Baltimore still has a lot of work to do, but our city has much more for which to be grateful. The State of the City address is an opportunity to update citizens on what government is doing to confront our most immediate challenges, but also to take stock of our progress in tackling systemic problems that have been around for decades.

There is no more immediate challenge in Baltimore than our fight against violent crime. While progress has been made in reducing assaults, robberies, rapes and overall violent crime, our homicide rate remains far too high. Too much blood is being shed on our streets. It is unacceptable, but we will do better.

Two years ago, we were able to get our homicide rate down to its lowest level in a generation. This was a critical benchmark, but I always believed we could do better — 197 murders was still 197 too many.

Each life that is lost represents a future tragically cut short, a community that is shaken and a family that is shattered by its loss.

There is no uncaring here, no complacency, no lack of urgency.

We are doubling down on our strategy of focusing on the most violent repeat offenders through strategic partnerships with our local, state and federal agencies.

During the months of September and October, we targeted, investigated and arrested more than 100 violent repeat offenders and others tied to criminal activity.

We will also launch "Operation Ceasefire" this year, which has shown very promising results in reducing violence in several other big cities.

Operation Ceasefire enhances intelligence and requires officers to work with other agencies at restricting a criminal's freedom of movement and his or her ability to evade capture.

We have more than quadrupled enforcement zones where police and resources are aggressively deployed in communities experiencing increased violence. Data tell us the locations of these criminals and we are conducting search warrants, drug buys and undercover stings to apprehend these individuals before they commit violent crimes.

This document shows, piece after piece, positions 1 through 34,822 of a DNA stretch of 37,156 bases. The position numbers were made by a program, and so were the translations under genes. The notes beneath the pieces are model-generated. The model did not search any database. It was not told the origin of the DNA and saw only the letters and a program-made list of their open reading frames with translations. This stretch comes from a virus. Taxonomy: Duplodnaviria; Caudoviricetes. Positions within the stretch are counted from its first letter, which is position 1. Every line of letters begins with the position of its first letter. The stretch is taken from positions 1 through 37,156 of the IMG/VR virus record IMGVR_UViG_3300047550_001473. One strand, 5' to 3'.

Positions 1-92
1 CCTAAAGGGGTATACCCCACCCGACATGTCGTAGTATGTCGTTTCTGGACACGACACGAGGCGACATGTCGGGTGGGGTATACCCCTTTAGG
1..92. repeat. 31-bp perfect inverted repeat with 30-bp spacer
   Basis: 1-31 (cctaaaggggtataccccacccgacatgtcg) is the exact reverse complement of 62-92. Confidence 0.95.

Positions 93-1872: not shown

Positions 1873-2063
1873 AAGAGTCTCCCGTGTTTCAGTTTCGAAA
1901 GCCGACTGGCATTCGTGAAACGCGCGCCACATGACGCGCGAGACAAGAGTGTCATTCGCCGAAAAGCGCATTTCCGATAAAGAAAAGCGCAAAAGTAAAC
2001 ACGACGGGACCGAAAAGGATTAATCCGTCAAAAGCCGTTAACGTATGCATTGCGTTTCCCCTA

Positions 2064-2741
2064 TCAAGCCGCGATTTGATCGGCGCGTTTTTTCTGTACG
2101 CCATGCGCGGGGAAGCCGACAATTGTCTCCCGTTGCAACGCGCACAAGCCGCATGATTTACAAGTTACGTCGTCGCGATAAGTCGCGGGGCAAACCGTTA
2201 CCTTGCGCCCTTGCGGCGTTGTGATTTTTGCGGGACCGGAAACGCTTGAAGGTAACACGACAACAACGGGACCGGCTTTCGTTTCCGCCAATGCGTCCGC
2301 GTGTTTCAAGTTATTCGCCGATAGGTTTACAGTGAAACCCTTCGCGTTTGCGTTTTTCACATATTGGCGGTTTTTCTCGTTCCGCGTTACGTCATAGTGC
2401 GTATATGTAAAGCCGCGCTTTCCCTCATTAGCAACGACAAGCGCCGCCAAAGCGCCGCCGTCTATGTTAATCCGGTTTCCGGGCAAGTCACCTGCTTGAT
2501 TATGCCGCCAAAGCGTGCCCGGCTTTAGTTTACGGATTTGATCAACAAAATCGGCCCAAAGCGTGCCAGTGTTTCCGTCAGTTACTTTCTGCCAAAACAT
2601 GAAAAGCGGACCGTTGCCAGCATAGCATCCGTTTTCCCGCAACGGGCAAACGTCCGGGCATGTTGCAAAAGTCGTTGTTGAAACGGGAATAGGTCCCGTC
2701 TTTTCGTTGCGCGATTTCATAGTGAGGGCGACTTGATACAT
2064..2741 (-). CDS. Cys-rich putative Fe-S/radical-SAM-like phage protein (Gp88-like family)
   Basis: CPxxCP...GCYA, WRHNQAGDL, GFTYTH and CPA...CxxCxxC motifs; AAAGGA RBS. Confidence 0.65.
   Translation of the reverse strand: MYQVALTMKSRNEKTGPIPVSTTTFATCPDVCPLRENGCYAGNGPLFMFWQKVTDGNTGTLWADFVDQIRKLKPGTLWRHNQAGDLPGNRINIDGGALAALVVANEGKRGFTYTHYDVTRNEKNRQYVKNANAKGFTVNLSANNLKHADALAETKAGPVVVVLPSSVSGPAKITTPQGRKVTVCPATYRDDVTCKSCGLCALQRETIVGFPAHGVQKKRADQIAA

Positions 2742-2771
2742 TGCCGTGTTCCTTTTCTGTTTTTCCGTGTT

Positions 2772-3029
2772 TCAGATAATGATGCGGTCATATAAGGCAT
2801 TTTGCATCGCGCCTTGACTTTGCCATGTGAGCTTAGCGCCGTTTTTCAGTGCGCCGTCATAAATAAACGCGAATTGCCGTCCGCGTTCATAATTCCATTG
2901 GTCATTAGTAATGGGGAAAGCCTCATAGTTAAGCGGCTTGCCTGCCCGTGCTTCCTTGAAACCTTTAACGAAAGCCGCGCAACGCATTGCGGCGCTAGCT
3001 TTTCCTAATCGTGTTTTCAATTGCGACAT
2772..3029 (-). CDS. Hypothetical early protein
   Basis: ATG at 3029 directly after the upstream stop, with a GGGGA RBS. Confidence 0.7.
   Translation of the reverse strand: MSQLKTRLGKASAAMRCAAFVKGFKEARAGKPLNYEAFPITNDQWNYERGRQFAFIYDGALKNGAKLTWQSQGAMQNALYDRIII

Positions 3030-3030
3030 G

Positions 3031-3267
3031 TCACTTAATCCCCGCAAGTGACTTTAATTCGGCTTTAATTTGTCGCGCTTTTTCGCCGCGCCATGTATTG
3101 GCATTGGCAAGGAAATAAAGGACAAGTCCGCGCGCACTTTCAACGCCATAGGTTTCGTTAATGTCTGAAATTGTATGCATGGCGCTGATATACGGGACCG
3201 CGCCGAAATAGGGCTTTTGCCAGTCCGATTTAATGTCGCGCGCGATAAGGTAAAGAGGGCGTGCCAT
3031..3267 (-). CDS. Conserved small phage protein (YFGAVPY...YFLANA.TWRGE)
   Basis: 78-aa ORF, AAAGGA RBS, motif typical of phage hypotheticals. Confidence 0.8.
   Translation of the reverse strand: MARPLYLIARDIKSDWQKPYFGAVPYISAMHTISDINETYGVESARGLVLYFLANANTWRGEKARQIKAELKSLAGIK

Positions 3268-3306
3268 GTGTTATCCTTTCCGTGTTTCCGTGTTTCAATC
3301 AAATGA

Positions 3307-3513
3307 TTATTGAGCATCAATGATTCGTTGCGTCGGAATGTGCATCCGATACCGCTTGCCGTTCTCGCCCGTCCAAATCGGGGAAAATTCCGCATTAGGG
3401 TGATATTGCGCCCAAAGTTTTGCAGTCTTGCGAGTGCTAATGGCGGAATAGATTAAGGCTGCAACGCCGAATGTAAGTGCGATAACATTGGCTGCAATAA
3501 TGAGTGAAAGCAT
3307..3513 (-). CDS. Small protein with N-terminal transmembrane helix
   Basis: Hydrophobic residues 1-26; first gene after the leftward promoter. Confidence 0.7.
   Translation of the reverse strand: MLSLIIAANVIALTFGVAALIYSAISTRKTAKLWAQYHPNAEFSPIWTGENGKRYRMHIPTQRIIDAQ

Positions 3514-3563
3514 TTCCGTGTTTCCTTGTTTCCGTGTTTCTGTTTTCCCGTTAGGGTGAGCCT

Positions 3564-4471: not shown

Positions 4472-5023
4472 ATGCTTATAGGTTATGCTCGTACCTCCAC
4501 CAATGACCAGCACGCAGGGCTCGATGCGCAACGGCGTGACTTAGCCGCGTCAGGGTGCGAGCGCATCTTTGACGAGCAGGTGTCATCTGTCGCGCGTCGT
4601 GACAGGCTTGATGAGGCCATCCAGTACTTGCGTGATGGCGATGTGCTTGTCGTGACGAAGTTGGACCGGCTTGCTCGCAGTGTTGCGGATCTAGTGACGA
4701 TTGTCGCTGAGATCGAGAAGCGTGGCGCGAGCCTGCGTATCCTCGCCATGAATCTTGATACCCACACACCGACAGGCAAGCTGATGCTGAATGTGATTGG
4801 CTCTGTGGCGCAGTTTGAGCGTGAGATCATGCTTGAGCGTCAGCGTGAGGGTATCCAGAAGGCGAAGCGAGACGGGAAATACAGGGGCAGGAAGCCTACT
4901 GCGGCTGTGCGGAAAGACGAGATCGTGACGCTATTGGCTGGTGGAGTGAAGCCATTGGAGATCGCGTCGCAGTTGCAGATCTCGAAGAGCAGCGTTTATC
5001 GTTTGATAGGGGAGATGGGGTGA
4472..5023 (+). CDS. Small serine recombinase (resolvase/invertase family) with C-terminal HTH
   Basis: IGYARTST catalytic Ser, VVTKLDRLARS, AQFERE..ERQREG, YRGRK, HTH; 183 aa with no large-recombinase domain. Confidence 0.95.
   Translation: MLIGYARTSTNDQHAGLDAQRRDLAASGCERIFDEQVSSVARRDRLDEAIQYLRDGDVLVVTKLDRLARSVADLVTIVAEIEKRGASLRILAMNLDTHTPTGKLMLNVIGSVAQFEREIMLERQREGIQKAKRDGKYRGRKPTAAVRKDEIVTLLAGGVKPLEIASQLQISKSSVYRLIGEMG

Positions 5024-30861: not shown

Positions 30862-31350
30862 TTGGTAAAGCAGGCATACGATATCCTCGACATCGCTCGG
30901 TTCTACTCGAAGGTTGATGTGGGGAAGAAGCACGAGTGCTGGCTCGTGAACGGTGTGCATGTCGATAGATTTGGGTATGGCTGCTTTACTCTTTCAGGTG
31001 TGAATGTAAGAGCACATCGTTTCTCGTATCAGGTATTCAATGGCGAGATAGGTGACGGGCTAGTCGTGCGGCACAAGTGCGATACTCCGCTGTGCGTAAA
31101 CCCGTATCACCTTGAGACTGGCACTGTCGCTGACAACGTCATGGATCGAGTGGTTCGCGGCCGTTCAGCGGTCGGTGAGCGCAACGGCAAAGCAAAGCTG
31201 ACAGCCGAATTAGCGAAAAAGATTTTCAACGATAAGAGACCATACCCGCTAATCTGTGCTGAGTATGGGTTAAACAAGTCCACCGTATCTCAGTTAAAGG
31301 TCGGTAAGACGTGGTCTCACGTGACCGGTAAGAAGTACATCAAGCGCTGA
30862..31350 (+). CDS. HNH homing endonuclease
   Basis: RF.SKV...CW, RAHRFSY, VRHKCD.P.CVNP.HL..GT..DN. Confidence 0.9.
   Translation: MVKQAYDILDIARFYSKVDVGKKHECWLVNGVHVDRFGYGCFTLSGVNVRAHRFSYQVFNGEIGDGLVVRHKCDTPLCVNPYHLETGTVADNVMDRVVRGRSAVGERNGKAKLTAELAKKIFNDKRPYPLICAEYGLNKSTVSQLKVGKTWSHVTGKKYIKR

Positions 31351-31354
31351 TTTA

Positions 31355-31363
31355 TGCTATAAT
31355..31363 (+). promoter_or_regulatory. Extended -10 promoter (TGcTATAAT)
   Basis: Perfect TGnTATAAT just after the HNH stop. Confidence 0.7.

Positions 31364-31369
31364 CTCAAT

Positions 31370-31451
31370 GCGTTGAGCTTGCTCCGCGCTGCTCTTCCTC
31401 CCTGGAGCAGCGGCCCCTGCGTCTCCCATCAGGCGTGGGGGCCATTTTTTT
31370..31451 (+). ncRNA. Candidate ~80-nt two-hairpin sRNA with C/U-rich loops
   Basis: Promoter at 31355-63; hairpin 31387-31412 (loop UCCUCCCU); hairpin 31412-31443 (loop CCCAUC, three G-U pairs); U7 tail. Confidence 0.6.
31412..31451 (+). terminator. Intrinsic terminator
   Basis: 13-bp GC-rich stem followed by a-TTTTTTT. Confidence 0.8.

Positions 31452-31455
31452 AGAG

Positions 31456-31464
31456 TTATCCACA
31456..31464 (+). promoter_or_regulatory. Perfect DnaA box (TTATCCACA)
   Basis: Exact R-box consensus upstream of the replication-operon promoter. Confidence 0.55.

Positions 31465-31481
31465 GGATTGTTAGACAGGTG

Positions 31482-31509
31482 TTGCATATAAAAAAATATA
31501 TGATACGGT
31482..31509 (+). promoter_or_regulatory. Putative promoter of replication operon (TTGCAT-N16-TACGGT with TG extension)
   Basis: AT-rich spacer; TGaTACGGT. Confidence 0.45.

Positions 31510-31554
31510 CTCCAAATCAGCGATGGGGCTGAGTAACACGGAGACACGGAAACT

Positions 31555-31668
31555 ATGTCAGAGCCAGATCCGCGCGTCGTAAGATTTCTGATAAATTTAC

Our City Watch Center was previously only used for large events. Now, the center is staffed 24 hours a day with a police commander and a team of analysts who assess crime intelligence and help make better decisions on when and how to deploy officers.

We will continue to adapt and adjust our strategies as necessary until communities feel safer and violence is reduced.

While public safety remains our biggest current challenge, Baltimore has made significant strides in building up our neighborhoods and tackling systemic problems that have existed for far too long.

We are bringing jobs to the city and continue to be aggressive in our effort to connect local residents to those opportunities. More than 20,000 job opportunities are expected from the opening of a new Amazon distribution center, a new casino, the Red Line project and the Harbor Point Development.

Our Vacants to Value initiative has spurred more than $85 million in private investment in struggling communities while taking absentee landlords to task and tearing down dilapidated buildings across the city.

To date, we have demolished 800 vacant properties and issued more than 1,500 fines to vacant building owners who simply aren't doing enough to fix or sell their boarded properties.

We've confronted systemic problems, such as correcting tax errors through our Billing Integrity Unit and continuing to automate the system to provide more accurate bills. We are moving forward with updating our water meters so that citizens receive more reliable water bills.

Through our 10–year Financial Plan, we have eliminated $400 million of our $750 million structural deficit and continue to keep our pledge to cut property taxes. To date, we have reduced the effective property tax rate for all owner occupied homes, which means the average homeowner saw $220 in savings on his or her property tax bill.

We also continue to monitor progress on the $1.1 billion investment in new school construction funds, which will provide critical renovations to many of our school buildings — some of the oldest in the state.

Our city does not grow if we turn a blind eye to fixing problems.

Baltimore has its challenges, but we have so much more to celebrate. We will remain focused on reducing violent crime, building up our communities and addressing systemic problems that went for far too long without solutions.

Stephanie Rawlings-Blake, a Democrat, is the mayor of Baltimore. Her email is mayor@baltimorecity.gov. Twitter: @MayorSRB.


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